drive, they meet a group of mostly vacant college students.  When
Dale tries to talk to Allison (played by Katrina Bowden), the kids
are freaked out and think the worst of the two men.  Their unease
is heightened by Chad (Jesse Moss) telling them of serial murders
committed in these woods two decades earlier.

When Allison is injured and Dale rescues her, Chad and the rest of
the students believe their worst fears are true.  After that, it’s
just one unfortunate event after another.  The movie’s too much fun
to be a truly dark comedy, but it has its moments.  It’s an hour-
and-a-half well spent.  I recommend it.


Lots of comics and graphic novels have somehow eluded my attention
in the past decade, but when I hear about something I think I would
enjoy, I turn to my library system.  Which recently introduced me
to Jill Thompson’s Magic Trixie [HarperCollins; $8.99].  This 2008
graphic novel is aimed at young readers, but it will delight every

Trixie is a very young witch who longs to be taken seriously by her
family and school friends.  She’s also dealing with the arrival of
a baby sister, who Trixie sees as getting all the attention of her
parents and other family members.

Trixie’s friends are a pint-size “Who’s Who” of spookiness.  They
include a werewolf, mummy, Frankenstein-type monster, and a pair of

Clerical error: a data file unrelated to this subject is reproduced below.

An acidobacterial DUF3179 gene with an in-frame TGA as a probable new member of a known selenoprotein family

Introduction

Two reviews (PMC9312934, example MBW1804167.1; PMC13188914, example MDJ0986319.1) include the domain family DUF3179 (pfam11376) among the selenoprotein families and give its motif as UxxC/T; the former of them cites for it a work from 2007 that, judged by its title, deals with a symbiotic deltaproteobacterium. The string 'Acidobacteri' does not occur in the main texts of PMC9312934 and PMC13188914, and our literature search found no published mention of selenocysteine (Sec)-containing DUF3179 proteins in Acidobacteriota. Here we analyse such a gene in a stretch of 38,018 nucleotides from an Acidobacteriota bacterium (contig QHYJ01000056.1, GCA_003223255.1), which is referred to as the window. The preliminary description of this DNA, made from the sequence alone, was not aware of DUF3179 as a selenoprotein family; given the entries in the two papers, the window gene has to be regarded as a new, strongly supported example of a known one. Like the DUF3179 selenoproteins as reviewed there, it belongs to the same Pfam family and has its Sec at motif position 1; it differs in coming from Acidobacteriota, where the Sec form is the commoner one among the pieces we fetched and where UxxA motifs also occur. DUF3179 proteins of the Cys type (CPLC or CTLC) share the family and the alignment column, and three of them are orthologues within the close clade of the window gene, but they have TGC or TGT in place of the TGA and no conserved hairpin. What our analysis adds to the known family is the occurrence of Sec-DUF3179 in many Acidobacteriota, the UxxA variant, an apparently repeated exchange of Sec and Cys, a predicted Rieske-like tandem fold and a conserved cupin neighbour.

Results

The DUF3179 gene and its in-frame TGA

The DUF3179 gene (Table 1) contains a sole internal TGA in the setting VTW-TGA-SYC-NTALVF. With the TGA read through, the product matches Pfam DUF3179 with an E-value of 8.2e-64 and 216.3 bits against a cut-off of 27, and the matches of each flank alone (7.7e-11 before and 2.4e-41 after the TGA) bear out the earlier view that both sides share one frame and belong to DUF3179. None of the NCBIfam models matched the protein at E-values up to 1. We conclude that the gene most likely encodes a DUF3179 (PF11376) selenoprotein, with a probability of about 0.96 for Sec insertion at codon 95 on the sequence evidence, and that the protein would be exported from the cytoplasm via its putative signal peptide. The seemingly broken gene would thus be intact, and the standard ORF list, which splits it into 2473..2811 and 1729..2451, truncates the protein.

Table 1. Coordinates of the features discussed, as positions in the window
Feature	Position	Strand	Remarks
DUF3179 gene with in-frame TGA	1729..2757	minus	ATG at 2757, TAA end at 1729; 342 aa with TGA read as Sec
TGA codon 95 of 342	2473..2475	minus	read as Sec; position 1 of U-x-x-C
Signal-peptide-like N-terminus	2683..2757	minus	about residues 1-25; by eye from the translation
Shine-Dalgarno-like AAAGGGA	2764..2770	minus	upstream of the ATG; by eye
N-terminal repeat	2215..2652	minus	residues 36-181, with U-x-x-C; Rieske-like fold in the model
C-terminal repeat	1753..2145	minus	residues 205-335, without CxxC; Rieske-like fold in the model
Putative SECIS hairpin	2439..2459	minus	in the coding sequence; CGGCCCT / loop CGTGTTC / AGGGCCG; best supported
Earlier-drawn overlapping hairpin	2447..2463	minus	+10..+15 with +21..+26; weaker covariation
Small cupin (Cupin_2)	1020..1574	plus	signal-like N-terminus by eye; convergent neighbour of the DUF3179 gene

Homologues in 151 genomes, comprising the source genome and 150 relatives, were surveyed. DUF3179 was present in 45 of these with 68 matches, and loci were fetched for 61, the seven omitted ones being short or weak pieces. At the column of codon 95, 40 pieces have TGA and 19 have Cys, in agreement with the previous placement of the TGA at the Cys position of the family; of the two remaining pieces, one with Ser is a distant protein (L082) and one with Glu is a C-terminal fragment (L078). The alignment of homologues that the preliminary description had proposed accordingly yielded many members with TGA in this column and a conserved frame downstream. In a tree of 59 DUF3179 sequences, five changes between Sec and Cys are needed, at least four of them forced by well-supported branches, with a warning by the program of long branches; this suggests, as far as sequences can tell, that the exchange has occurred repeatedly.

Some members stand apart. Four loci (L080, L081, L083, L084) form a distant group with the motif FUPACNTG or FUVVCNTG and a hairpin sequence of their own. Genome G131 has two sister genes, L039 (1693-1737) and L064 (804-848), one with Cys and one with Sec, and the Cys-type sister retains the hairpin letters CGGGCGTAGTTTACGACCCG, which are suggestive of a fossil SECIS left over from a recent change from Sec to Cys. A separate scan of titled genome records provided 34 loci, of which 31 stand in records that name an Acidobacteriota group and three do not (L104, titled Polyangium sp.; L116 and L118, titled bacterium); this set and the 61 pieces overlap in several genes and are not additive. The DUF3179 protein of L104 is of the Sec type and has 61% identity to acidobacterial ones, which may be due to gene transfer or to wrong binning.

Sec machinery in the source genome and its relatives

vampires.  Her schoolteacher is a ghost.  In 96 breezy pages, the
amazing Thompson brings them all to life while propelling the story
towards the most eventful of school activities, the dreaded “Show-
and-Tell.”  It’s a terrific book.

There are two more Magic Trixie books to date: Magic Trixie Sleeps
(2008) and Magic Trixie and the Dragon (2009).  I can’t wait
to read them as well.

ISBN: 978-0-06-117045-4


Some quick personal notes:

If you’re sending me a logo for consideration in our “Design a New
Tony Isabella Logo” contest, you must include your permission for
me to use that logo in this blog.  I am neither buying or seeking
any rights to your work beyond the right to include it in my blog
during this contest.  If I want to use your design beyond that, we
will negotiate an arrangement that works for both of us.

Logos aren’t your thing?  Fear not.  I have a second kooky contest
planned for March.

The arrival of a wee bit of paying work will dely the launch of my
“online garage sale” for a week or so.  If you’d like to be on the
mailing list for this sale, e-mail me your own e-mail address and
I’ll make sure you get all pertinent information.

I hope to have twice-monthly garage sales at my Medina home once I
can be reasonably assured of good weather.  That probably means May
or so, but I’m hoping for April.
I’ll be back tomorrow with more stuff.

© 2012 Tony Isabella

1 comment:

  1. I re-watched "Godzilla: King of the Monsters" the other day myself, and, yes, it is a truly marvelous movie. As you say, Raymond Burr brings a wonderful gravitas that gives the film a wonderful sense of seriousness to the American edit, matching the tone of the Japanese original.

    And, speaking of matching the tone, you have to give mad props to the American production team for flawlessly matching the look and feel and tone, the light and shadow and grain, of the film they were editing their new material into.

    I love the goofiness of the later Sixties and Seventies Godzilla movies, with aliens in red rubber spacesuits and gangs of monsters fighting one another with martial arts/professional wrestling moves. But it's great to go back to the "film noir" black-and-white sensibility of a single vast creature rising out of Tokyo Harbor, and the crisis of conscience of a man with so terrible secret that is the only hope of defeating it.